'A consultant is usually an expert or a professional in a specific field and has a wide knowledge of the subject matter. A consultant usually works for a consultancy firm or is self-employed, and engages with multiple and changing clients. Thus, clients have access to deeper levels of expertise than would be feasible for them to retain in-house, and to purchase only as much service from the outside consultant as desired. It is generally accepted good corporate governance to hire consultants as a check to the Principal-Agent problem.' 'Consultant' is also the term used to denote the most senior medical position in the United Kingdom, Australia and Ireland (e.g., a consultant surgeon).Bold text
More recently the term is also used euphemistically for temporary staff. That resource is only temporarily employed by a company to augment the company's core set of employees without providing any unique expertise. This usually indicates that the consultant could be expended when demand for that particular skill diminishes, though this expendability is sometimes recompensed with higher pay. In this usage, the consultant is usually employed through a limited company which they themselves own, or through an umbrella company. Consulting has come under some criticism because of staff augmentation and the high amount of jargon consultants use, also known as consultantese.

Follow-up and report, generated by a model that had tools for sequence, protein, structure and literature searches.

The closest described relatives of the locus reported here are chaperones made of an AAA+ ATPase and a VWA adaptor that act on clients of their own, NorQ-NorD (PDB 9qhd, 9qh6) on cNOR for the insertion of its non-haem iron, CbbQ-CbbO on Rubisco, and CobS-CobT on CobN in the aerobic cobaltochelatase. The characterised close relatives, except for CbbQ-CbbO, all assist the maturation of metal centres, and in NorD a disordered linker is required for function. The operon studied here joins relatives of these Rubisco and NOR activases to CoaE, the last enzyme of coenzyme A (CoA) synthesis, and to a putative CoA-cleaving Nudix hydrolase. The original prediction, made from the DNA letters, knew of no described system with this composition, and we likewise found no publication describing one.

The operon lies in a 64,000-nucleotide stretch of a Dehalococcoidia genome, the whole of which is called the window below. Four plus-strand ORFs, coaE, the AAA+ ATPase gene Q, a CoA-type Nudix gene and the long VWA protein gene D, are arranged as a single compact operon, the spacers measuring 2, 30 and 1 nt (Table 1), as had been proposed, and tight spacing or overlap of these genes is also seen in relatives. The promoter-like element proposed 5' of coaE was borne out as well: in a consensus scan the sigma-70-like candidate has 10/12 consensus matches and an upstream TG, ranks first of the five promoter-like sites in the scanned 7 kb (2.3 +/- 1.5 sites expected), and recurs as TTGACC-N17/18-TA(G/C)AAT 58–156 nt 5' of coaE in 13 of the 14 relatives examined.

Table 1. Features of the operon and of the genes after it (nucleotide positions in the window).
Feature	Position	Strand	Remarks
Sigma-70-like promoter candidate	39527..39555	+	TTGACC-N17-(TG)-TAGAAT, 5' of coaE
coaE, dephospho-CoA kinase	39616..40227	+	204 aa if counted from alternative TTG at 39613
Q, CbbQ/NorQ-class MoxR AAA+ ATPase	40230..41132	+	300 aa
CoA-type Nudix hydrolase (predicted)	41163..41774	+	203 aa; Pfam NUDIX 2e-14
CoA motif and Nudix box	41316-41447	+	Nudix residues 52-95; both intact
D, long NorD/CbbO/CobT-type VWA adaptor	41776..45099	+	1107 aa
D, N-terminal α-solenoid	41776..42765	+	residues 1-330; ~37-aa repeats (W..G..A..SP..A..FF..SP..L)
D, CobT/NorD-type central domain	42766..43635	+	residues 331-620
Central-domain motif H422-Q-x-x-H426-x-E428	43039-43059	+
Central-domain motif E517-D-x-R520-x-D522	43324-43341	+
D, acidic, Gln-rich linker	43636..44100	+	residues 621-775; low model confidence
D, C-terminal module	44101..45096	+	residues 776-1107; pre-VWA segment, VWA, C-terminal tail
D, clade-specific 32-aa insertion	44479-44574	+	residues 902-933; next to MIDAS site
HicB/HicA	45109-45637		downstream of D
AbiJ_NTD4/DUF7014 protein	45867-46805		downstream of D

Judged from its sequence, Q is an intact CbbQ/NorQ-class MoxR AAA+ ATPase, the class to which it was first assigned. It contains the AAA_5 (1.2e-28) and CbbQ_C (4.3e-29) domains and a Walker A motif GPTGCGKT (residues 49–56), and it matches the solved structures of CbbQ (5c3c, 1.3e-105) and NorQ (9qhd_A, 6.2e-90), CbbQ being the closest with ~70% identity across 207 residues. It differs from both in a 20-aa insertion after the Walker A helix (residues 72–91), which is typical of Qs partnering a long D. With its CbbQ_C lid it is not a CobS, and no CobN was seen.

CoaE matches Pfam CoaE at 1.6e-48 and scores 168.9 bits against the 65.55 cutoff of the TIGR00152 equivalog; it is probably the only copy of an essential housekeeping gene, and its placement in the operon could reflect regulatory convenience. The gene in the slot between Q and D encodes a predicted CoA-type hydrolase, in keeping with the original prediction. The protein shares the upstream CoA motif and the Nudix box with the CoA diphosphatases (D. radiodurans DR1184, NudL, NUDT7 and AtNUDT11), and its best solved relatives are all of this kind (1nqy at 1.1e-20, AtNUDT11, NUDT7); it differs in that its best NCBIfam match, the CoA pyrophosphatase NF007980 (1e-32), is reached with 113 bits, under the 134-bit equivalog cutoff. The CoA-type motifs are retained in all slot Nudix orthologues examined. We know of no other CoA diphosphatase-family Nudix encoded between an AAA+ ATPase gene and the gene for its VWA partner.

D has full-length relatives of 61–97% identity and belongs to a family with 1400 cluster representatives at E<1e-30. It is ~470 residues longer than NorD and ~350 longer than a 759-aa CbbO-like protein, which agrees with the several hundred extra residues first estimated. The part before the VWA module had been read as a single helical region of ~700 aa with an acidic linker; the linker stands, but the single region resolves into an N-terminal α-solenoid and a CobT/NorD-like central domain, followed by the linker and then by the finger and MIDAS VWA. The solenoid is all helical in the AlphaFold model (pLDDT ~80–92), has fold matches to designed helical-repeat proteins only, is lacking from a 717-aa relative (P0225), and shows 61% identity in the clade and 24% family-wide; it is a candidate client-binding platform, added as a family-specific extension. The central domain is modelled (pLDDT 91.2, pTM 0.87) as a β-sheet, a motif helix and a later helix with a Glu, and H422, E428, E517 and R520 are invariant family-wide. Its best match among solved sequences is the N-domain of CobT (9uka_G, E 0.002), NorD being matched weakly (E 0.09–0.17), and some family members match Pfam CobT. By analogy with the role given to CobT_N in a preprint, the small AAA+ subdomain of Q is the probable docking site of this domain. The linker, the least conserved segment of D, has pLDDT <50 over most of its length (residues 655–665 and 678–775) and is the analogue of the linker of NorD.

Sometimes a consultant is not an independent agent but is a partner or an employee of a consultancy, that is a company that provides consultants to clients on a larger scale or in multiple, though usually related, skill areas. This has advantages both to the client and to the consultant by:
Strategy consultants are common in upper management in many industries. There are also independent consultants who act as interim executives with decision-making power under corporate policies or statutes. They may sit on specially constituted boards or committees.